The Brain On Trauma

The Brain On Trauma


Most people do not realize just how much the brain and body changes during and after any type of trauma. From car accidents, natural disasters, domestic violence, combat, sexual assault to child abuse and everything in between, trauma can leave you feeling lost, alone, empty, scared and totally confused.

Trauma is defined as any negative experience that causes us to change our perception of our world from good to bad. It is a normal reaction to an abnormal situation that diminishes our ability to manage regular day to day problems creating a total breakdown of one’s characteristics, habits and lifestyles.

This happens because every cell in our body records everything that happens to us. It stores the memory in a neuropathway which has the opportunity to be reactivated at any time both good and bad. Sometimes these pathways are short term, giving one disruptive dreams and moods that disappear after a few weeks. Other times, the pathways evolve into symptoms that impair common functions and present in ways that interfere with relationships and jobs.

The trickiest part for survivors is identifying and understanding all of the changes that occur in the brain during the trauma. But let’s slow down a bit… keep reading to learn what actually happens to our brain on trauma.

Breaking Down Our Brain

I like to use the Triune Brain model to explain the 3 main parts of the brain:

  • Reptilian (brain stem): innermost part of the brain responsible for survival instincts and all autonomic body processes.
  • Mamalian (midbrain): processes emotions and conveys sensory relays.
  • Neommalian (forebrain): most highly evolved part controlling cognitive processes, decision-making, learning, memory and inhibitory functions.

So when trauma happens, our reptilian brain takes over shifting us into reactive/protective/survival mode, signaling our body (our sympathetic nervous system) to increase stress hormones and prepare the body for fight, flight, freeze or fawn mode. It shuts down all non-essential body/mind processes and removes the ability to make good choices.

Now in a normal situation, when the threat is over, our parasympathetic nervous system takes over and shifts the body back into restorative mode reducing the stress hormones allowing the brain to go back to normal.

However, in some people, they are unable to switch back into restorative mode, getting trapped in survival mode. This is where limiting beliefs are formed and people can get stuck for years.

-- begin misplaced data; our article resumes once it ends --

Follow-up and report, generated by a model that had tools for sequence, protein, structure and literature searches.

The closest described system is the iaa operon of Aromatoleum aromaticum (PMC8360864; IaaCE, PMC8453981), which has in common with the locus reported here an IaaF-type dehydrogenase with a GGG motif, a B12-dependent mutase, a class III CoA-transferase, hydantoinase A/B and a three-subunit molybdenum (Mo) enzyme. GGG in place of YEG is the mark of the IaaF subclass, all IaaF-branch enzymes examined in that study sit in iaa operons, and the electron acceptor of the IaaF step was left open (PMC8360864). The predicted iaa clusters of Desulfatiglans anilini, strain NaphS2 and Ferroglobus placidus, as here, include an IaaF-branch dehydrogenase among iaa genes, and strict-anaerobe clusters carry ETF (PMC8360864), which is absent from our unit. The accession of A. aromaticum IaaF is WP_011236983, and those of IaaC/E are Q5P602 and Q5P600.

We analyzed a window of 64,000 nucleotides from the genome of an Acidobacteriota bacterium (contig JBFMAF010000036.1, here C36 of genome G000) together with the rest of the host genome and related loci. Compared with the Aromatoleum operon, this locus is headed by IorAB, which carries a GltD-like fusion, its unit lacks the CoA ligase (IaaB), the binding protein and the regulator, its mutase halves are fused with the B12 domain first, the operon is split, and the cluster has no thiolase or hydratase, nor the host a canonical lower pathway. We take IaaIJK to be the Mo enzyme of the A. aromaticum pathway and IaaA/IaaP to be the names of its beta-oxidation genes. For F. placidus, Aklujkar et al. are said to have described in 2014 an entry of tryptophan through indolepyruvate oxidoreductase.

Our Brain On Trauma

Research has shown us that after trauma our brains do undergo biological changes that would not have happened had their been no trauma. There are 3 main changes that have been identified at this point. They are:

  1. An overstimulated amygdala. Our amygdala is responsible for survival-related threat identification as well as tagging memories with emotion. It is an almond shaped mass located deep in the reptilian brain section. After trauma it can get caught in a loop during which it looks for and believes that there are threats everywhere and keeps us in a hypervigilant state.
  2. An underactive hippocampus. Located deep in the temporal lobe, it plays a major part of learning, understanding and memory. Trauma causes our brain to produce more stress hormones, one of which is glucocorticoid which kills the cells in the hippocampus rendering it ineffective in receiving the message that the threat is no longer present. It locks us into thinking we are still under threat keeping us in survival mode.
  3. Ineffective variability. The sympathetic nervous system continues to be highly activated flushing our system with elevated amounts of stress hormones that interfere with the body’s ability to regulate itself. This leads to fatigue and major problems for the body.

As you can see, the problem is NOT that the survivor just needs to get over it but that they need time, help and opportunity to understand their own path to healing. Many confusing symptoms start to appear subconsciously, and it can take years to understand and rewrite these neuropathways.

The good news is that it can happen with time and hard work. You can read more about that here.

If you feel stuck from past trauma and are ready to learn more – take 3 minutes to take my FREE Do I Have Unhealed Trauma Quiz. It is quick and easy and very informative. Drop me a line after and let me know how you did and how I can help you turn your pain into purpose – click here.


Malibu Mama Loves Xx

Author: malibumamaloves

I am a conscious mama, a dv survivor, a conscious trauma informed life coach who has overcome trauma and helps others turn their pain into purpose in facing their unhealed traumas.

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